Health informatics, a form of information engineering, uses technology to improve the efficacy of patient care. By focusing on the management and use of healthcare records, health informatics professionals cultivate collaboration between patients and their providers. Additionally, they help bridge the divide between medicine and information technology (IT) and foster communication between staff, providers, and vendors through electronic applications. Professionals working in health informatics may focus on community health, pathology or imagery informatics, or clinical research.
Health informatics is a flourishing field due to the current efforts to standardize health information. Entering the profession requires a solid foundation in both medicine and computer information science, a combination hard to obtain without advanced training. While students can pursue bachelor’s degrees in health informatics, graduates typically earn around $60,000 per year and may not be eligible for career advancement without significant experience. A master’s degree in health informatics, however, ensures an advanced level of knowledge in both IT and healthcare upon graduation. Nurses who wish to combine their medical knowledge with applied data often pursue a master’s in nursing health informatics which can help expand a nurse’s role beyond direct patient care into a lucrative and growing medical IT profession. According to a 2017 report , nearly half of all nursing informatics professionals earn an annual salary of over $100,000.
Prospective students should be aware that health informatics and health information management, though similarly named, are distinct fields. Health informatics uses technology to improve the patient experience. Health information management concentrates on the efficiency, efficacy, and compliance of technological processes in the storage and retrieval of health data.
Is an Online Master's Degree in Health Informatics Right for Me?
Succeeding in the Field of Health Informatics
Health informatics professionals manage the use and security of confidential patient information to improve communication between patients and clinicians through the use of new technologies. They may analyze data to assist in decision making, design new tools for success and efficacy measurement, or develop evidence-based solutions to improve patient care. These workers often take on management and administrative jobs in healthcare settings, such as hospitals, nonprofit organizations, and other healthcare provider offices. As many of these facilities are open around the clock, students considering health informatics must realize that their schedules may be correspondingly erratic.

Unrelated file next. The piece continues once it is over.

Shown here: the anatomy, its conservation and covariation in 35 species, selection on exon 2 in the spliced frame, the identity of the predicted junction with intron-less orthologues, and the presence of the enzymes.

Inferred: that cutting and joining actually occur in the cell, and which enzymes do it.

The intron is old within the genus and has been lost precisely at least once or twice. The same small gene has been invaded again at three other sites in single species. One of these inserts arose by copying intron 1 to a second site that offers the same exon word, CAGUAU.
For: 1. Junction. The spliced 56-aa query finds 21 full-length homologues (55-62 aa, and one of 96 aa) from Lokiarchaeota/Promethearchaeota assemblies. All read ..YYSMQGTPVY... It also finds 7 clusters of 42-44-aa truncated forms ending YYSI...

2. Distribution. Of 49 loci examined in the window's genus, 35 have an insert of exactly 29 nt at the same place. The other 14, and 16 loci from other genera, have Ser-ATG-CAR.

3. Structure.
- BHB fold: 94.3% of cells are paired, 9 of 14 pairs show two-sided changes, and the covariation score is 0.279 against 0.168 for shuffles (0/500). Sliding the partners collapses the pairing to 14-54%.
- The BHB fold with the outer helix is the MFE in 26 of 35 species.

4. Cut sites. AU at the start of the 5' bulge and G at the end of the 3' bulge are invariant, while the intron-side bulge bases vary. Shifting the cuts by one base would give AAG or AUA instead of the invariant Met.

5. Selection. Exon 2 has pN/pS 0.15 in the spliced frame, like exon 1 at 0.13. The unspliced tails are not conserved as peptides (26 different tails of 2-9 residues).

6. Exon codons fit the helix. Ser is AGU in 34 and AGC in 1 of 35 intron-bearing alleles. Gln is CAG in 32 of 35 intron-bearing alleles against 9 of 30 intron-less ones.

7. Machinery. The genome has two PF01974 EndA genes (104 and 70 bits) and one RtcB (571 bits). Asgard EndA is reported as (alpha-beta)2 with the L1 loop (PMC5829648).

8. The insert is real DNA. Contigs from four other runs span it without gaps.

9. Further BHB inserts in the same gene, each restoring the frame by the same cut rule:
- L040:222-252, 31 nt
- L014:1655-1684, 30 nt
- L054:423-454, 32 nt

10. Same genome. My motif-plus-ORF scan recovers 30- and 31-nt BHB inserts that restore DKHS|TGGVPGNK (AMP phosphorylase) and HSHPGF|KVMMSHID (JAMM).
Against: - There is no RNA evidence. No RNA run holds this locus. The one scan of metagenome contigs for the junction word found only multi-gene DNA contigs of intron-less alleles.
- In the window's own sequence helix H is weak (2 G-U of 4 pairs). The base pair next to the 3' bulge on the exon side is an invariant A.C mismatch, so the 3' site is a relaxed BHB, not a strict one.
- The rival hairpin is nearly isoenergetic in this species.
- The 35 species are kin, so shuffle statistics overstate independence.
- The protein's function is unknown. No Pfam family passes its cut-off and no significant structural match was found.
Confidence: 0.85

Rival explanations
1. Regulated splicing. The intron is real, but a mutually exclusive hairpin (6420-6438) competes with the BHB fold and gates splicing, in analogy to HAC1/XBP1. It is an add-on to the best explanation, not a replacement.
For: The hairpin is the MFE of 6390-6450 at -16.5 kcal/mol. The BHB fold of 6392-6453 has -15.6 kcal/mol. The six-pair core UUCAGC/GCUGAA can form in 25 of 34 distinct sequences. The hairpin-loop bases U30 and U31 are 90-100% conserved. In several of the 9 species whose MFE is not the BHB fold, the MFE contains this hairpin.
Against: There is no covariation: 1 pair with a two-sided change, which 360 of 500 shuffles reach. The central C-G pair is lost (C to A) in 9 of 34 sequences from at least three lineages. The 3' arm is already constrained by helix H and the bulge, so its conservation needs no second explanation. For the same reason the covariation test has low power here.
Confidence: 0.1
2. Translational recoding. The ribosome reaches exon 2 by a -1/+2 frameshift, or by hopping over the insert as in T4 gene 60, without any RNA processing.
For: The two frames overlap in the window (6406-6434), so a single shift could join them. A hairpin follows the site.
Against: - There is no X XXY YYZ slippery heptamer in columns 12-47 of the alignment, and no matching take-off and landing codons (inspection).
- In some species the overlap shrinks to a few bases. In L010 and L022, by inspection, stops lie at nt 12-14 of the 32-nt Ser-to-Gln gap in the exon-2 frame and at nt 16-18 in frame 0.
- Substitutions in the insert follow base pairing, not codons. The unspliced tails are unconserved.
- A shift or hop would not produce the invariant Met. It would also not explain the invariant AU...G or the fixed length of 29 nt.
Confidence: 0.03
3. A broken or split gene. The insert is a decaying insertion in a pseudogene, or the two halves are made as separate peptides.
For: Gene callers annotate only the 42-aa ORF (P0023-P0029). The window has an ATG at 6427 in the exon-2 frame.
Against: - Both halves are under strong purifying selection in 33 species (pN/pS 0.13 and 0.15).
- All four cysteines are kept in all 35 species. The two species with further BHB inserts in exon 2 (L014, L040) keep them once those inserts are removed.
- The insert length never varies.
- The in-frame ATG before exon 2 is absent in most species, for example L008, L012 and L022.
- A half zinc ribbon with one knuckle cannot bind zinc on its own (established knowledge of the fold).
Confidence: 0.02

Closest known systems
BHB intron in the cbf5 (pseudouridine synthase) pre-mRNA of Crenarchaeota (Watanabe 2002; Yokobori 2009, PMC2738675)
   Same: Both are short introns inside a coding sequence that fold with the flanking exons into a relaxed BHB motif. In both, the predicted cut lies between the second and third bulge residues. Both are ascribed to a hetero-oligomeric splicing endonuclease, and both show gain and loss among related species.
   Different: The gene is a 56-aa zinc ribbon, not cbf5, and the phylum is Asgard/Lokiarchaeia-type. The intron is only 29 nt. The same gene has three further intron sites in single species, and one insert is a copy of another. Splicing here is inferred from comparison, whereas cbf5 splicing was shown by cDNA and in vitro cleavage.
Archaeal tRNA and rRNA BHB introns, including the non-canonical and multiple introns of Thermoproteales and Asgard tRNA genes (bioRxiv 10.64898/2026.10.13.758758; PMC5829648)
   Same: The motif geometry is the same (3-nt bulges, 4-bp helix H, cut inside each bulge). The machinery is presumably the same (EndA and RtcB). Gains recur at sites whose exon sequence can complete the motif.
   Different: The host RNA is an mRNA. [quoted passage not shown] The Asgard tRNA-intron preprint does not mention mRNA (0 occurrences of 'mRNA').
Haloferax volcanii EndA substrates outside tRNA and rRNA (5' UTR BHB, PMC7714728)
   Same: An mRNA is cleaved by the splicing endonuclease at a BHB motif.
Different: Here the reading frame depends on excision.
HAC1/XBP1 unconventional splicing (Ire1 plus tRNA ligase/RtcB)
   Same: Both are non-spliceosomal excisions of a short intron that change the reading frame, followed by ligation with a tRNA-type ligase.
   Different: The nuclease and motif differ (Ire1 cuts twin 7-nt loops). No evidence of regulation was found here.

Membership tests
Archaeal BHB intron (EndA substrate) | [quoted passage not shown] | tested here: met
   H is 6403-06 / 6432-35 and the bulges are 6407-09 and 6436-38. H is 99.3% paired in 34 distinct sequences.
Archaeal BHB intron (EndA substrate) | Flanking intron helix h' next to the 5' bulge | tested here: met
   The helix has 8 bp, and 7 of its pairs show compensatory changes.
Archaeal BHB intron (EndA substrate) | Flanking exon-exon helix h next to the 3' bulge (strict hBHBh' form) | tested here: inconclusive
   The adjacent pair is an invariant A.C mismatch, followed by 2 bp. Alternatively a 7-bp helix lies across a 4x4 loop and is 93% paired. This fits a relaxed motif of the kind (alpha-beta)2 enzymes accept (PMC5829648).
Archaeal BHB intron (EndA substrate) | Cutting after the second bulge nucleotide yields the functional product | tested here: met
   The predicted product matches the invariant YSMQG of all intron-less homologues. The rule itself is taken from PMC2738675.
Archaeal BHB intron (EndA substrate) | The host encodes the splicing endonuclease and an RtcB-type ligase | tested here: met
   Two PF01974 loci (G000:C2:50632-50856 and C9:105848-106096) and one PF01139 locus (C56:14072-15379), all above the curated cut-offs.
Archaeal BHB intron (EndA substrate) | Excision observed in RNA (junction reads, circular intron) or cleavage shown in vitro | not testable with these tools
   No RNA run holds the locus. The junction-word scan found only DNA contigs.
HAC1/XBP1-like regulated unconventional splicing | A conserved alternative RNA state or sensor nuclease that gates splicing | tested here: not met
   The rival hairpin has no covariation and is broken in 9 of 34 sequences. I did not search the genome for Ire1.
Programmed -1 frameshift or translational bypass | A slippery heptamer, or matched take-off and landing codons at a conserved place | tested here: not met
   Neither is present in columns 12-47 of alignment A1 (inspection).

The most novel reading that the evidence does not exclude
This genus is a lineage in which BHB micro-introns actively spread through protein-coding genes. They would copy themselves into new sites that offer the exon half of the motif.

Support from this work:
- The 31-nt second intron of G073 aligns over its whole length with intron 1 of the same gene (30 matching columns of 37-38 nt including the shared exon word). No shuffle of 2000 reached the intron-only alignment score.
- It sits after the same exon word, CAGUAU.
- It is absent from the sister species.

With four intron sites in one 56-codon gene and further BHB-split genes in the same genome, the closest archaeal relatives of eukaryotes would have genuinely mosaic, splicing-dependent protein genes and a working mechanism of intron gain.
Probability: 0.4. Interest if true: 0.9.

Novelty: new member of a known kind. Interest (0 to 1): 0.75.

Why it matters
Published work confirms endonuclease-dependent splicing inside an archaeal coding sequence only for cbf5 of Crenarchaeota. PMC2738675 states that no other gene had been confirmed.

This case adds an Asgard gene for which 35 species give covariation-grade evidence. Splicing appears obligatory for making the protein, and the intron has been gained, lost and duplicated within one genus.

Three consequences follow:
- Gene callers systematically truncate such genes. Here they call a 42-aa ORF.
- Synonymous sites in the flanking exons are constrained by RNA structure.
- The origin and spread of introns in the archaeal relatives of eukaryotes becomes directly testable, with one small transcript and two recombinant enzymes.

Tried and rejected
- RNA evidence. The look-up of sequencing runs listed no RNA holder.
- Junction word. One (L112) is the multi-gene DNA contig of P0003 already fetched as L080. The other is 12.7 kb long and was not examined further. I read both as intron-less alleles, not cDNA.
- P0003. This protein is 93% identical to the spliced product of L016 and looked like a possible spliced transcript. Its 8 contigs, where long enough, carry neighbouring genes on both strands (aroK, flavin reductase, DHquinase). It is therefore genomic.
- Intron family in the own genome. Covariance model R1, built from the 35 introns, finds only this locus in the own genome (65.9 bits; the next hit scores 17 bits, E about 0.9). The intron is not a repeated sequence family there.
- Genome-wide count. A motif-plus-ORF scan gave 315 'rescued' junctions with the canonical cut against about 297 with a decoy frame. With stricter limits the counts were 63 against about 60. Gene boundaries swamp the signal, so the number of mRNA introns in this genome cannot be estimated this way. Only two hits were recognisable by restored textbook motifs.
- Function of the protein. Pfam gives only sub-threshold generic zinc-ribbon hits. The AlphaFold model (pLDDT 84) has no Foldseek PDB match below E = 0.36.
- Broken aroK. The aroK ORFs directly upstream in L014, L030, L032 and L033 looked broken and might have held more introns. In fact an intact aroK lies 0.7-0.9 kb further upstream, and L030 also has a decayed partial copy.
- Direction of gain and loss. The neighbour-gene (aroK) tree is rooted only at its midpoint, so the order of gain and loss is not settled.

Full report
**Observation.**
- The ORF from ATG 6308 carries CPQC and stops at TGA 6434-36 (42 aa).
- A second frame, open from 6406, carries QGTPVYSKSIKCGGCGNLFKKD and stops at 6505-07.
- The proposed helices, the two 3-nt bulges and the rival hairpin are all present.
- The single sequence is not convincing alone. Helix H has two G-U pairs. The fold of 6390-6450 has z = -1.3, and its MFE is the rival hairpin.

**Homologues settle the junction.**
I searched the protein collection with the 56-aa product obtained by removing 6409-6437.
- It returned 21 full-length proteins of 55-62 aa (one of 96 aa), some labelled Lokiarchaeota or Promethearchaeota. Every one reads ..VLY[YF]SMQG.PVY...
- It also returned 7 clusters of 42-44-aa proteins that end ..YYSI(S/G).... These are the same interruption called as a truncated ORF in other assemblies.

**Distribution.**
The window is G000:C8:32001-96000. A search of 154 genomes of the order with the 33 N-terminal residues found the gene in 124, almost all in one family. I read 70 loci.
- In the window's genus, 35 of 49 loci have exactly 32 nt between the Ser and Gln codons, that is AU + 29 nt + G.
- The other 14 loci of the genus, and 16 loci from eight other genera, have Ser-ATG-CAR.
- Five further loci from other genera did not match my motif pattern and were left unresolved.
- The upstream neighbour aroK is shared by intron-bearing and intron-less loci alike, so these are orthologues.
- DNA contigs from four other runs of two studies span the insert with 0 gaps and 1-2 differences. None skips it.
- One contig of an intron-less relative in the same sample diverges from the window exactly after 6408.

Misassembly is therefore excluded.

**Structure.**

A career in health informatics particularly suits individuals passionate about medicine who can quickly adapt to quickly changing technology and regulations. Health informatics professionals must understand complex concepts from both a nursing standpoint and a technologically-driven position focused on compliance and regulations. With the constant evolution of new technologies and federal regulations on health records, and the need for corresponding policies and procedures, the healthcare arena highly values these interdisciplinary professionals. Earning a master’s in health informatics can be a great career step for those who want to be at the forefront of innovations in medicine.
Benefits of Online Learning
Earning an online master’s in health informatics offers a convenient way for students to advance their careers from the comfort of their own homes. Online learning offers many benefits, including convenience and cost. Online master’s in health informatics programs allow students to submit assignments, take exams, access coursework, and communicate with instructors from any location with internet access. Many learners who want to undertake a master’s degree in health informatics need to continue working to support themselves and pay for tuition. As many programs offer their coursework asynchronously, working professionals and students with families can fulfill course requirements when their schedule allows.